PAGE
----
Body Language Tips for the EM Physician About to Testify
Welcome to the Hot Seat
Body Language Tips for the EM Physician About to Testify
By Patti Wood MA, CSP and Douglas Segan MD, JD, FACEP
You are sitting in a hard chair on a raised platform being asked question after question by a hard hitting attorney while a courtroom full of people watch your every move. Welcome to the hot seat! As a physician testifying as a defendant or serving as an expert witness, your experience on the stand can be daunting. Understanding how to use your nonverbal communication to feel confident and credible on the stand will make a difference in the outcome.
Here are the keys to ensuring that your nonverbal communication conveys the same message of impeccable integrity as your words.
It is important to know that how you hold your body can actually change how you feel. You can influence how you look and feel on the stand by consciously controlling your nonverbal cues.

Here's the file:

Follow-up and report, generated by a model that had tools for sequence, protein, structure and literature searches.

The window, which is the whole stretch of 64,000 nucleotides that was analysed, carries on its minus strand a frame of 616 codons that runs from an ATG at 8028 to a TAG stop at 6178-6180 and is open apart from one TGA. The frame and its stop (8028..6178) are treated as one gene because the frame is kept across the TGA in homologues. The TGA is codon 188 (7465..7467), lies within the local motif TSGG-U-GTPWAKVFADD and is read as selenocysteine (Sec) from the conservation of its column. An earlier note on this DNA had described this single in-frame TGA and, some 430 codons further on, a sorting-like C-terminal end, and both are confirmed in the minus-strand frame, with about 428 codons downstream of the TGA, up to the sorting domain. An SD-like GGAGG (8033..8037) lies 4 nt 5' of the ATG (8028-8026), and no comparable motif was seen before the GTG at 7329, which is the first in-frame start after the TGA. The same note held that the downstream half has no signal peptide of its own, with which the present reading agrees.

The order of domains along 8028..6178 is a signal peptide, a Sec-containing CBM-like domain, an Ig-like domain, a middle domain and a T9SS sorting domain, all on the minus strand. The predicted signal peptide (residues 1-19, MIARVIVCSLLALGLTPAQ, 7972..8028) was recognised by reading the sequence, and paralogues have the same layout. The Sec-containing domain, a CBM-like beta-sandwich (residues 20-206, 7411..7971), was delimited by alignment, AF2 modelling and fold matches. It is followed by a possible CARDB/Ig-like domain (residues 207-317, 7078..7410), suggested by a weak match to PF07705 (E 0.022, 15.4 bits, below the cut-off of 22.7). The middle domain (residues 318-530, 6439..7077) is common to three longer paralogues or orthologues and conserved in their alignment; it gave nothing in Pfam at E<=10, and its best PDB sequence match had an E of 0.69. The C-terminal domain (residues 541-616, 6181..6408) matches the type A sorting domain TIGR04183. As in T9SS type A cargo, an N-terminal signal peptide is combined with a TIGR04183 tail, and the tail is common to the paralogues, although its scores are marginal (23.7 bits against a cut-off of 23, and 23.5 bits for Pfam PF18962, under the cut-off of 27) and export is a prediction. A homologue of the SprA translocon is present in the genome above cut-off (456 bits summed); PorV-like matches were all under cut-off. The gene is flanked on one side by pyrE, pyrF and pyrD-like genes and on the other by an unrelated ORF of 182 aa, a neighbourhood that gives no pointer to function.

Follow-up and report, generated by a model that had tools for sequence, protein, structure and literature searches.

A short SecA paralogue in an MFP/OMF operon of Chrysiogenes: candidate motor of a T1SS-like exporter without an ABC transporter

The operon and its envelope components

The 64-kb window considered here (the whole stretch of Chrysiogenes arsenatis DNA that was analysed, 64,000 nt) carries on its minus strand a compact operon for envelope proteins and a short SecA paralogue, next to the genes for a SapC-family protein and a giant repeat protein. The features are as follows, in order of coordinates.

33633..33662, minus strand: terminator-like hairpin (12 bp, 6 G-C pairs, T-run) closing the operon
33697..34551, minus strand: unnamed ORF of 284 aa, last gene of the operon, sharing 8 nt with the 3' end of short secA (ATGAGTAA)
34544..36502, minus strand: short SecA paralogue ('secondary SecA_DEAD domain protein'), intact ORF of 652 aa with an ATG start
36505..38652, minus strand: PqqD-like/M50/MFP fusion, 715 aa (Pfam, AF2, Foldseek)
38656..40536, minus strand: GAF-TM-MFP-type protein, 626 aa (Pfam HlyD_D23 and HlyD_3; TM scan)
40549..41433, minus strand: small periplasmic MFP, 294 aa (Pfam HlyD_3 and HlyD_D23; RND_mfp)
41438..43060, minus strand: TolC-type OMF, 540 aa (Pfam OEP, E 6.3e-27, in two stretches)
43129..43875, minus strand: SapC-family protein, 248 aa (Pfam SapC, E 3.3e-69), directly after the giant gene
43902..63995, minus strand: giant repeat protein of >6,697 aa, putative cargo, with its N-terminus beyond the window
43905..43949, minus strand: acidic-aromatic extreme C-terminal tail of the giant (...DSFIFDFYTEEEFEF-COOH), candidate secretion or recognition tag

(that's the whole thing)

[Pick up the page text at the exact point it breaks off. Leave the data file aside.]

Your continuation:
Under stress the limbic brain normally makes us freeze, flee, fight or faint or give up. Your body may react by freezing in place, appear to be fleeing by pulling your body back, or folding your limbs in to look small. Other reactions to stress may be to become tense and angry, going limp and giving up. You can take steps to reduce those stress responses and increase your credibility.
You want to be aware of the dance between you and the opposing counsel, instead of being reactive to the opposing team’s attorney. Use the following tips to be an effective credible witness.